/ New industrial property institutional framework23 April, 2021
With the recent approval of the amendment to the Industrial Property Law and the upcoming approval of the Madrid Protocol, Chile enters a new stage of modernization of its industrial property institutions.
For a country that for several decades has boasted of being open to the globalized world, with multiple free trade agreements, it was essential to modernize industrial property legislation with a vision that looks towards the world and less towards ourselves.
Institutions such as the Madrid Protocol, as well as the possibility of cancelling trademark registrations for lack of use, speak to us of less concern for the formalities of obtaining a registration and more for the creation of intellectual property. The world has been moving towards a more professional counseling, less oriented to comply with formalities and more oriented to give advice. The new legislation is a great step forward in that sense.
Without the Chilean industrial property agency (INAPI) losing the power to object to the granting of a right, these two institutions open the way to facilitate the registration of trademarks when there is a real intention to use them, in the least bureaucratic way possible. We are moving from a registration system, with emphasis on a bureaucratic procedure necessary to obtain protection, towards a system in which its use in the market acquires greater relevance. The elimination of the requirement of graphic representation in trademark matters is the best demonstration of the path that our legislation has taken. Greater ease and more protection for the different forms of creativity.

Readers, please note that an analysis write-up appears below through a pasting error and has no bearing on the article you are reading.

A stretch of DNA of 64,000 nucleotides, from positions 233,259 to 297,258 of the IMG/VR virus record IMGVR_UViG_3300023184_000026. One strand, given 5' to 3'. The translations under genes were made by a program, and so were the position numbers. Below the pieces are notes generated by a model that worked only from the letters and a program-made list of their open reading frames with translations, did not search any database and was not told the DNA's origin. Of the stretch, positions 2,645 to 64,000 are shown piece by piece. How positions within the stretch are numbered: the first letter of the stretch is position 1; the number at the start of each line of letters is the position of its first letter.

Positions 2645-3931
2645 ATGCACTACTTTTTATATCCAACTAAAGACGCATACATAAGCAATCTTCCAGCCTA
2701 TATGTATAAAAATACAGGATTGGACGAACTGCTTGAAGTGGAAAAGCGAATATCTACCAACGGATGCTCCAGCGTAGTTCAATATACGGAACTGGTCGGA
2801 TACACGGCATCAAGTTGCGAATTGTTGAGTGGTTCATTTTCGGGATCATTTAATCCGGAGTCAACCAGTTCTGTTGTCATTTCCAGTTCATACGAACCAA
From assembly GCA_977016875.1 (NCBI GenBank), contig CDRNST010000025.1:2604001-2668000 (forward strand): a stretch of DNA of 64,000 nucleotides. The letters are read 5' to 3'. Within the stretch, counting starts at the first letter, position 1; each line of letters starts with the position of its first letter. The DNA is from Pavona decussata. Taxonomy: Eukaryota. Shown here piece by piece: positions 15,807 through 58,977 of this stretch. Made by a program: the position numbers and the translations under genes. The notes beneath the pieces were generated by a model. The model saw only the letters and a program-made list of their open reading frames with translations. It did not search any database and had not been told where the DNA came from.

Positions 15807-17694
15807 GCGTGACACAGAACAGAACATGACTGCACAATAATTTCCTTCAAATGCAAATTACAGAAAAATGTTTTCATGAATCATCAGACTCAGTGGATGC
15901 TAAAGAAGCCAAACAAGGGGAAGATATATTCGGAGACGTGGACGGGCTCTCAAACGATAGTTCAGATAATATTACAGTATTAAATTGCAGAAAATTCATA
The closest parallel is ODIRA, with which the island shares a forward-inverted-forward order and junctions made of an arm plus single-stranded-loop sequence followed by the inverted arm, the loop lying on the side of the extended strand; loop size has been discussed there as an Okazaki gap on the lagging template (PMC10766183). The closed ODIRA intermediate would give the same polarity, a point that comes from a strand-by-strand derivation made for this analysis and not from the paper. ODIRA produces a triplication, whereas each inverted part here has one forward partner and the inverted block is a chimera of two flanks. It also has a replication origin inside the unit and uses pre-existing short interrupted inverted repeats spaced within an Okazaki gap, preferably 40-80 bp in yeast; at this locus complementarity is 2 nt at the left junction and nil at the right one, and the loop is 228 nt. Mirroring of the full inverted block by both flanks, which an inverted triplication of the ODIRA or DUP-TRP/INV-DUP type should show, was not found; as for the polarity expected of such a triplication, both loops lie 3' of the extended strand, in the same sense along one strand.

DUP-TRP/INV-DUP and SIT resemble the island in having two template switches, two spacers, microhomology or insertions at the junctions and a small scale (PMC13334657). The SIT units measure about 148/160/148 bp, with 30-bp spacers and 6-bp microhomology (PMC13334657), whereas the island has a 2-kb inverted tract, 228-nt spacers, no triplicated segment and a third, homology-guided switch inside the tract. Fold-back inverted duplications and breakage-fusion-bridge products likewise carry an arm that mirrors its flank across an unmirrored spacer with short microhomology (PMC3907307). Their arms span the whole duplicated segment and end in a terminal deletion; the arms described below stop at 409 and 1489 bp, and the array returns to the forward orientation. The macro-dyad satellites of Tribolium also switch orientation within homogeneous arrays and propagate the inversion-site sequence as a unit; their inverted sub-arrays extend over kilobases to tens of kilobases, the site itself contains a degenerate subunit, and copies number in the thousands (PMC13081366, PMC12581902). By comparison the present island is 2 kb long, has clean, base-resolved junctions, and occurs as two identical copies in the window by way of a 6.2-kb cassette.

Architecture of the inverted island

In the area of patents, the new institution of the provisional patent and the facility to register designs are leaps forward in promoting local innovation. Once again, the amendments focus more on protection than on the requirements to get a registration.
The amendments introduced to the Law, of which I have only mentioned a few, speak to us of a country that is no longer only interested in producing raw materials, and that now wishes to become an innovation and technology producer. A country where we are less concerned with formal requirements to protect rights and more interested in fostering creativity. It is up to us lawyers to support our clients on this path of professional advice to detect and promote innovation within our country and try to ensure, with the least possible cost and procedure, its protection in the globalized world. The new legislation begins to create a new institutional framework that points to this path. We hope that our country will follow the path that has been so favorable to the most developed economies.